Whether it’s sipping a glass of wine to “take the edge off” before a social gathering, or stepping out to vape during a break, it’s common in our culture to use substances (such as alcohol or drugs) for recreation, relaxation, and social connection. Although these substances aren’t always dangerous in moderation, over time, or with excessive use, they can lead to harm.
In some cases, people may find themselves turning to a certain substance (or substances) to deal with something negative that’s happening in their lives. This can be anything from social anxiety, to work-related stress, to something traumatic that happened in the past.
Whatever someone’s reason for using substances may be, if their substance use starts to have negative effects on other parts of their life, or they reach a point where they feel unable to function without them, then it may be worth questioning their relationship with substances.
It’s possible for people to become overly involved in using many different kinds of substances, such as alcohol, cannabis, opiates, cocaine, and tobacco. You can also become overly involved in certain kinds of behaviours such as gambling or sexual activity.
In the beginning, substance use is often fun, and you might use substances to help yourself deal with negative emotions such as low mood, loneliness, boredom, or worry. But as time passes, you may start to realize that you’re having trouble controlling your substance use.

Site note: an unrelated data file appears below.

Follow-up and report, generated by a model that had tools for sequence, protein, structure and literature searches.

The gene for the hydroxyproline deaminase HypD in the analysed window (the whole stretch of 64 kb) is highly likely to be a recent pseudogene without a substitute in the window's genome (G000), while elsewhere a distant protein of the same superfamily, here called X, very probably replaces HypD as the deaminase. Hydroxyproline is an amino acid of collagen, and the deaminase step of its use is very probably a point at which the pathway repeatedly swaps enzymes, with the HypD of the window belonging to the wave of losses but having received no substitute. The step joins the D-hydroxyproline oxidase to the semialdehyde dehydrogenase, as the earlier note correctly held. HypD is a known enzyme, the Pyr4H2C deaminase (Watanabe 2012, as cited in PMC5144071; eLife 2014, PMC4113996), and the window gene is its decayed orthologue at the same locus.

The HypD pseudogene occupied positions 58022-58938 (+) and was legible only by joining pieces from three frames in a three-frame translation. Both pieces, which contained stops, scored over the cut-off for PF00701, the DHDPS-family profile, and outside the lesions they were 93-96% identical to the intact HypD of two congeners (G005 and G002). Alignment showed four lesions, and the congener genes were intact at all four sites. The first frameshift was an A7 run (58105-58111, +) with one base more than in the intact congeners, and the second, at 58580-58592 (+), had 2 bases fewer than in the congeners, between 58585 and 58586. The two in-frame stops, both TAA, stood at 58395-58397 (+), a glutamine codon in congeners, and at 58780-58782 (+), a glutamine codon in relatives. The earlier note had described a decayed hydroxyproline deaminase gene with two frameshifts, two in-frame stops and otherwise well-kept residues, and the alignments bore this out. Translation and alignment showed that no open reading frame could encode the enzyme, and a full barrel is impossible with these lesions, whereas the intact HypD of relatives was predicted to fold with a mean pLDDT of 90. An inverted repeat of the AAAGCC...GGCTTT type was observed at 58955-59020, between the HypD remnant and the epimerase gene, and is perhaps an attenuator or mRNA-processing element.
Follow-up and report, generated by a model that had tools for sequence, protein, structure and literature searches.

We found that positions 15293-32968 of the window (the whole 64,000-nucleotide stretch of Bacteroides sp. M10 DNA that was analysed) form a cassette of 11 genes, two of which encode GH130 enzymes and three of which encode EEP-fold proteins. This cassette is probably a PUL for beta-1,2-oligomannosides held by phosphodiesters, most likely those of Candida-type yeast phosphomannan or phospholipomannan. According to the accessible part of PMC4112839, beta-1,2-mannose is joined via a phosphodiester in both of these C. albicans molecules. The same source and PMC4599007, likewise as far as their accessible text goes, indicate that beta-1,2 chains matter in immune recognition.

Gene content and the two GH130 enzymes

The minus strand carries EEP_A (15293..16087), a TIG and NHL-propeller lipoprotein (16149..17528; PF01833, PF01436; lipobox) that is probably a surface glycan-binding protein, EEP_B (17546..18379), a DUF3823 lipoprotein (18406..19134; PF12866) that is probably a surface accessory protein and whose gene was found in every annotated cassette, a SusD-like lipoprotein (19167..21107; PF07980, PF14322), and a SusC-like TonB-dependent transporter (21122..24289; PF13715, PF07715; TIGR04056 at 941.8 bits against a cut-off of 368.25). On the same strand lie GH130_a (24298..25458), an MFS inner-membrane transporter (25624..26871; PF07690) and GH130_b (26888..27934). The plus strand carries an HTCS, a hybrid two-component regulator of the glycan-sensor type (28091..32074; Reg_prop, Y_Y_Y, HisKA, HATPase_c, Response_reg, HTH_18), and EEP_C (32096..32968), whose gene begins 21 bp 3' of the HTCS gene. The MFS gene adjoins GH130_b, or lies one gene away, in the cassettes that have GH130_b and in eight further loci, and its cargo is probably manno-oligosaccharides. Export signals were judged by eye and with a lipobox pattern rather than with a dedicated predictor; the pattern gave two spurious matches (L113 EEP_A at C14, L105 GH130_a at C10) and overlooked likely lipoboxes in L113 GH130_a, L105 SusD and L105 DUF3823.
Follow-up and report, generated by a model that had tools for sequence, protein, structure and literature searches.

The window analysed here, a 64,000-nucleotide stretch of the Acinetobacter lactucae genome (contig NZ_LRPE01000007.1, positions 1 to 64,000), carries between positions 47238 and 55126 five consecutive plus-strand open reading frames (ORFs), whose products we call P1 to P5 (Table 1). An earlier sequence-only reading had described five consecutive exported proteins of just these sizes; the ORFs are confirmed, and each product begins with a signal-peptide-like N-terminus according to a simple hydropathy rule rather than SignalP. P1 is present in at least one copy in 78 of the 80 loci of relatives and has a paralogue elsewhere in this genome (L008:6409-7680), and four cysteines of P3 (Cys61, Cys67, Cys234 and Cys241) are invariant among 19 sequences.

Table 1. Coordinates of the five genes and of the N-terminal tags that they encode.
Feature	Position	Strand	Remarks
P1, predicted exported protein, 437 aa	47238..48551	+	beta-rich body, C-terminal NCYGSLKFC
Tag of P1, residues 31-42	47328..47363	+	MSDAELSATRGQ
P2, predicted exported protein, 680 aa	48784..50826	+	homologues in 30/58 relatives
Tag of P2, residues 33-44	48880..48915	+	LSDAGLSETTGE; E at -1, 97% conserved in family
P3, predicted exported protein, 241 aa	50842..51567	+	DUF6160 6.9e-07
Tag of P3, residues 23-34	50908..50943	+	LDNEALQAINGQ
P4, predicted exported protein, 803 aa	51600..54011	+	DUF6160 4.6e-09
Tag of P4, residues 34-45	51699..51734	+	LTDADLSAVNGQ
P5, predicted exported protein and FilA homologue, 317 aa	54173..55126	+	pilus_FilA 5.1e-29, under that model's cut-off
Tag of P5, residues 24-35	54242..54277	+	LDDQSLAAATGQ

Some signs of problematic substance use that you may want to keep an eye on include:
Having cravings for a substance
Wanting to cut down or stop using a substance and not being able to
Using more of a substance that you planned to, or using it for a longer period of time
Experiencing negative consequences in your life, such as being unable to meet your obligations at work or at home
Continuing to use substances even though it’s causing problems in your relationships
Using substances when it puts you or others in danger, including negative effects on your health
Taking too much of a substance at once can also lead to overdose, which can be fatal.
If you’re in immediate danger or need urgent medical help, call 911.
Developing a plan to surf your cravings when they strike can help you stick to your goals.
There are many ways you can reduce the risk of harm when you use substances, to protect yourself & others.
Join a Peer Support group for people who are seeking to change their relationship with substance use.
We can connect you with a counsellor or crisis responder who will understand what you’re going through & can help you get through it.
The process of overcoming problematic substance use can look different for different people. When supporting someone through their substance use journey, it’s important to understand that the path to wellness is not a straight line, and that there will likely be some ups and downs along the way. Try not to blame or criticize the person, or lecture them about what they’re doing wrong. Instead, be patient and empathetic, and talk to them about what they’re going through (if they’re open to having a conversation about it). It can be helpful to encourage them to seek additional support from a peer support person or a professional trained in mental health and substance use treatment.
Supporting someone through substance use and addiction concerns can be difficult, so make sure you engage in self-care and also seek support when needed through the process.
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